To say that things are by degrees unknown is to say that some of it is known. Like I said, you have to have to start from somewhere.

    But, yeah, seeing where it leads:

    I often consider spirit to be the counterpart to body. [Or maybe to body and mind?] The mental, immaterial, part of us. The really confusing and difficult-to-know-about part of us. There is mind, which we divide (why? :chin:) into conscious and unconscious, and the latter is, by definition, observation and actuality, inaccessible to our introspection. There are feelings and emotions. And there are beliefs, often arrived at by means we know not of. All of these things are difficult, all of them exist (confirmed by the observations of billions of humans), and it is this context/arena that spirit exists. So of course it's difficult to discuss.Pattern-chaser

    So, I don't buy into any kind of mind/body dualism. The mind is a part of the body. If you want to call the sum total of emotions, thoughts, and consciousness a "spirit," I'm okay with that, but I wouldn't ascribe to it any religious/magical mumbo jumbo.
  • Pattern-chaser
    1.4k
    I don't buy into any kind of mind/body dualism. The mind is a part of the body.NKBJ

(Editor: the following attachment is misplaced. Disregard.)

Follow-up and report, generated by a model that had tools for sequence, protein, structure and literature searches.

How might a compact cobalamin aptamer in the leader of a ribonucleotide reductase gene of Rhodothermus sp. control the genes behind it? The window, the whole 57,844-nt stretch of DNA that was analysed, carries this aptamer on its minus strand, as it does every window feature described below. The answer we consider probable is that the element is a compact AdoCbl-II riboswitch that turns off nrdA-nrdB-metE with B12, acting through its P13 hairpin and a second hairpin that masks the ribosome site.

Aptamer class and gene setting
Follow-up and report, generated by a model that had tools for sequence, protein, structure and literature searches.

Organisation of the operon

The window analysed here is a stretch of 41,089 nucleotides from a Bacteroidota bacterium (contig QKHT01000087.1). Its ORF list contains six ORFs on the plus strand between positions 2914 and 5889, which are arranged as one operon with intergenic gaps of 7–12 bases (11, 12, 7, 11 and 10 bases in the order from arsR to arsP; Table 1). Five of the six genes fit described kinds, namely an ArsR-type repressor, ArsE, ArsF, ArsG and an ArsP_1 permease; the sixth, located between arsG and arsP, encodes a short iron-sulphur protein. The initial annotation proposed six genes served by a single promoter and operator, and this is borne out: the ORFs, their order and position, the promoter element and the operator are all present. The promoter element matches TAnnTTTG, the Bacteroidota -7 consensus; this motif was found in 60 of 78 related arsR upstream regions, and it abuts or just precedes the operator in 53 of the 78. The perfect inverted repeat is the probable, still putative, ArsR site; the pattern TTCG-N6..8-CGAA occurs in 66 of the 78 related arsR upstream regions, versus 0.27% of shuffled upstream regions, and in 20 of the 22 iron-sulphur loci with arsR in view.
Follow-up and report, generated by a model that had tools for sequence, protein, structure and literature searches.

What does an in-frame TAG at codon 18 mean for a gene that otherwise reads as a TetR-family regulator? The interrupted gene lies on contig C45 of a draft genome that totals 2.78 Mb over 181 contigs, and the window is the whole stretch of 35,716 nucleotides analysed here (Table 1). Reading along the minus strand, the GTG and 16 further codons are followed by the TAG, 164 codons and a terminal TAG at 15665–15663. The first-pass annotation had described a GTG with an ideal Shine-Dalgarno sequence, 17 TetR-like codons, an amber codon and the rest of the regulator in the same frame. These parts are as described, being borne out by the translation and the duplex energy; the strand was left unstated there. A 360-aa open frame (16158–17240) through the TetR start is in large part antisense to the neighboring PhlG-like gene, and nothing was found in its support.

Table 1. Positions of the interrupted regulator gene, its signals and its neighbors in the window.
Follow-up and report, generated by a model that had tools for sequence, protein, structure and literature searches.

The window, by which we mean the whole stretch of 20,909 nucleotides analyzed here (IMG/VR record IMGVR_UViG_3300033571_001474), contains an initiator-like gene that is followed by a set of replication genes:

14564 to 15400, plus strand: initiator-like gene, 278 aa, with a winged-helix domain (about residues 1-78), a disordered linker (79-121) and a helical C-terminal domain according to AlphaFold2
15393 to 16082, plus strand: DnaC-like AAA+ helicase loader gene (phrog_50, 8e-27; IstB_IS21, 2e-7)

:up: And I think spirit forms part of the mind, in the context of mind/body. There is a connection, that some people find valuable, to "religious/magical mumbo jumbo" too. But I don't think it's compulsory. :smile: Not that I'm disagreeing with you: mind and body are not distinct. [The universe is not distinct, we only divide it up so that the pieces are of a size we can swallow without choking. So why would mind and body be distinct? :wink: ]
  • S
    10.2k
    However, it is obvious that a religious/moral discussion makes many people uncomfortable and combative. For them, it is more comfortable to re-frame the question in terms of psychology, fantasy, or the paranormal.Galuchat

    Kind of like what you just did.
  • S
    10.2k
    However, it is obvious that a religious/moral discussion makes many people uncomfortable and combative. For them, it is more comfortable to re-frame the question in terms of psychology, fantasy, or the paranormal.Galuchat

    Kind of like what you just did.

    I'm not sure you've fully thought this through. You mentioned talk of supernatural, yet you call responses about paranormal a "reframing". That seems an inappropriate word to use. The connection between talk of supernatural and God and the like, on the one hand, and psychology and fantasy, on the other, is clear enough. It's not a "reframing", it's just an explanation.
  • Isaac
    714
    CongratulationsGaluchat

    Have I won something?
  • S
    10.2k
    The only way I'd say it exists would be if someone offered some clear definition, where I thought that what the definition picked out exists.Terrapin Station

    Exactamundo.
  • S
    10.2k